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Is there a standard classification scheme for different areas of study and research for chemistry like mathematics has Mathematics Classification Scheme (MSC)?

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Neither one of the following two might be rigorous enough from the perspective of a mathematician because of some overlap of the fields within chemistry, or by initial inspiration / interaction with fields outside chemistry. Thus I think the answer is no.

However, curricula at universities typically divide chemistry into general, inorganic, organic, physical, analytical chemistry, biochemistry, etc. This is reflected in study guides like chemistry.se's compilation of resources for self-study, or the organization e.g., of bookshelfs Chemistry LibreTexts. As an example of topical overlap however, there are spectroscopic or electrochemical methods which may attributed to physical chemistry as well as of analytical chemistry. A topic like bioinorganic chemistry may be recognized as an offspring in common of inorganic chemistry and biochemistry. There equally are subjects where chemistry may be very relevant, but "chemistry" is not part of the name, too, like toxicology, geology, materials science, to mention a few.

Complementary to this, for long, there have been attempts to classify knowledge into divisions. This is reflected by the labels (not only scientific) libraries put on their media (books, journals, etc.). One of them is the system established by the Library of Congress with starting letters QD as root for chemistry within science (cf. entry wikipedia, or entry LOC). An example for this may be the record for Chemistry of the Elements by Greenwood and Earnshaw here and other topically related entries of shelf QD466.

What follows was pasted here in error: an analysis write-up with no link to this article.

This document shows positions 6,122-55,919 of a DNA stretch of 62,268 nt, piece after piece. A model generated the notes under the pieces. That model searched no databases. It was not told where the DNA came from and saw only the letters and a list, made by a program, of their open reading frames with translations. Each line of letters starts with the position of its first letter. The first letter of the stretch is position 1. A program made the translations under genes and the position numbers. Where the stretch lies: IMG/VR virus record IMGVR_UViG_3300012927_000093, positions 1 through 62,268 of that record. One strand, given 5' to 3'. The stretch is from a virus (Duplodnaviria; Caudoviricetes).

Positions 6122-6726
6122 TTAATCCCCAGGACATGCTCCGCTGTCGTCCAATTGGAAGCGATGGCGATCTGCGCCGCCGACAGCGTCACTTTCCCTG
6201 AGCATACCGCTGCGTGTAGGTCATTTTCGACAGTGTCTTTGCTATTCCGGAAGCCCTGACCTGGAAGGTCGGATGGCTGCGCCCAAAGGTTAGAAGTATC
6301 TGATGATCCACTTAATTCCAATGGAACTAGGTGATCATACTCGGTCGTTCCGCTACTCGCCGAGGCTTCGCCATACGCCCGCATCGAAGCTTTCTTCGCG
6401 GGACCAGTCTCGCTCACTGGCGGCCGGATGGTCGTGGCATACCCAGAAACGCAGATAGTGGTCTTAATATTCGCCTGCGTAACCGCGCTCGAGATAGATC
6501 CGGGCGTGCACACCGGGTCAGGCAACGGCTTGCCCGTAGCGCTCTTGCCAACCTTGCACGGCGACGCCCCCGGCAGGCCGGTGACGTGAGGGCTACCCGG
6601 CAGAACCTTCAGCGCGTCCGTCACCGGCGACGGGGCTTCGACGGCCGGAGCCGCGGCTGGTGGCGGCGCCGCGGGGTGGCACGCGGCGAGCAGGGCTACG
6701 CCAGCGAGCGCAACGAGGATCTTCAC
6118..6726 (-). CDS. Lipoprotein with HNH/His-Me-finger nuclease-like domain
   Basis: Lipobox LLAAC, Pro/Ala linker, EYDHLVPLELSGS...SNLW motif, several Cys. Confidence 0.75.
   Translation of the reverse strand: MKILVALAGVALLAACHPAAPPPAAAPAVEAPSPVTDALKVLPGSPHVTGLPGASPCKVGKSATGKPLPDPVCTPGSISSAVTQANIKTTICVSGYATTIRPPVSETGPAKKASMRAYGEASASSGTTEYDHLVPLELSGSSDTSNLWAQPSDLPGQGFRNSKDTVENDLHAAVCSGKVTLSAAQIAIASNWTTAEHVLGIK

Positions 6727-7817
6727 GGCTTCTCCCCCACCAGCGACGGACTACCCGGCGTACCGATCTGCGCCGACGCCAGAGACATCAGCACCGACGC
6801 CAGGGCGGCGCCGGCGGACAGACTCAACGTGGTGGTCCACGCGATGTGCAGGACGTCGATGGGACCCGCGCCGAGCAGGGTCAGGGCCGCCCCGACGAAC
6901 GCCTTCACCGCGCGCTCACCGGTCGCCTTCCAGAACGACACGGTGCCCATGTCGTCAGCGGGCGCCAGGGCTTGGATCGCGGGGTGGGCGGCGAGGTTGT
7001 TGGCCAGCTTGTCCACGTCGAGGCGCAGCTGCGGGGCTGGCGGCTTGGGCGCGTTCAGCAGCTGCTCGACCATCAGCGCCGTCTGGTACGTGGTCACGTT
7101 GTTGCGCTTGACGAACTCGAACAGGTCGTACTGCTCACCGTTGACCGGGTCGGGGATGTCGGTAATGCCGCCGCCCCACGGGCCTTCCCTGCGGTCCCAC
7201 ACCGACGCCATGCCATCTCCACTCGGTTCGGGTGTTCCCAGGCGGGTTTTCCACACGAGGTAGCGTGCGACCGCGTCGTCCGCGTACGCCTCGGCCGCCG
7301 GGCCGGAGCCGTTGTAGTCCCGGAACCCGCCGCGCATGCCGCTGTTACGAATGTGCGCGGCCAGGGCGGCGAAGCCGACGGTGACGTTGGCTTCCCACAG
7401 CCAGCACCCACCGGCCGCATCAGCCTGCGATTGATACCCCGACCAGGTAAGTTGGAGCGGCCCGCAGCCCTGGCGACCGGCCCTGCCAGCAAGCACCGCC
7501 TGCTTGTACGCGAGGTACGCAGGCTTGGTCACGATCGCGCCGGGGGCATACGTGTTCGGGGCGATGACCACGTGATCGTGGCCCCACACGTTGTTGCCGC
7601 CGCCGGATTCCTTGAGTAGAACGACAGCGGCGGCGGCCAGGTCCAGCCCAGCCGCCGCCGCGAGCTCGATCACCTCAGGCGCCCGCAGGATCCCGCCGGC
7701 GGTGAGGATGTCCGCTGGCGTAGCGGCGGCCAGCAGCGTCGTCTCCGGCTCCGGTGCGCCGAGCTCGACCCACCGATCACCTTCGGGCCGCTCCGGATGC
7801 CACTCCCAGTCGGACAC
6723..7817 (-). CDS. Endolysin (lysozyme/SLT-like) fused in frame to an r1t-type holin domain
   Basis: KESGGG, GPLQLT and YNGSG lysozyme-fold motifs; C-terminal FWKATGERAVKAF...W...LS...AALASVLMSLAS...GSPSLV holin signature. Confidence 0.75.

An other attempt are IPC as the international and CPC as the cooperative patent classification (USPTO and EPO) assigning patents related to chemistry (and metallurgy) to class C (entry EPO/espacenet). This classification however may be less helpful than a library catalogue à la LOC since patents may be filed in more than one (sub-class) at once. Equally, you may find multiple patents related e.g., to keyword thiophene in classes other than C, too.

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    $\begingroup$ I just upvoted this fine answer. One thing I might add is that many chemists nowadays (I know many of them) focus on solving problems and eschew traditional divisional lines as no longer relevant (if they ever really were). $\endgroup$
    – Ed V
    Jul 25 at 17:09

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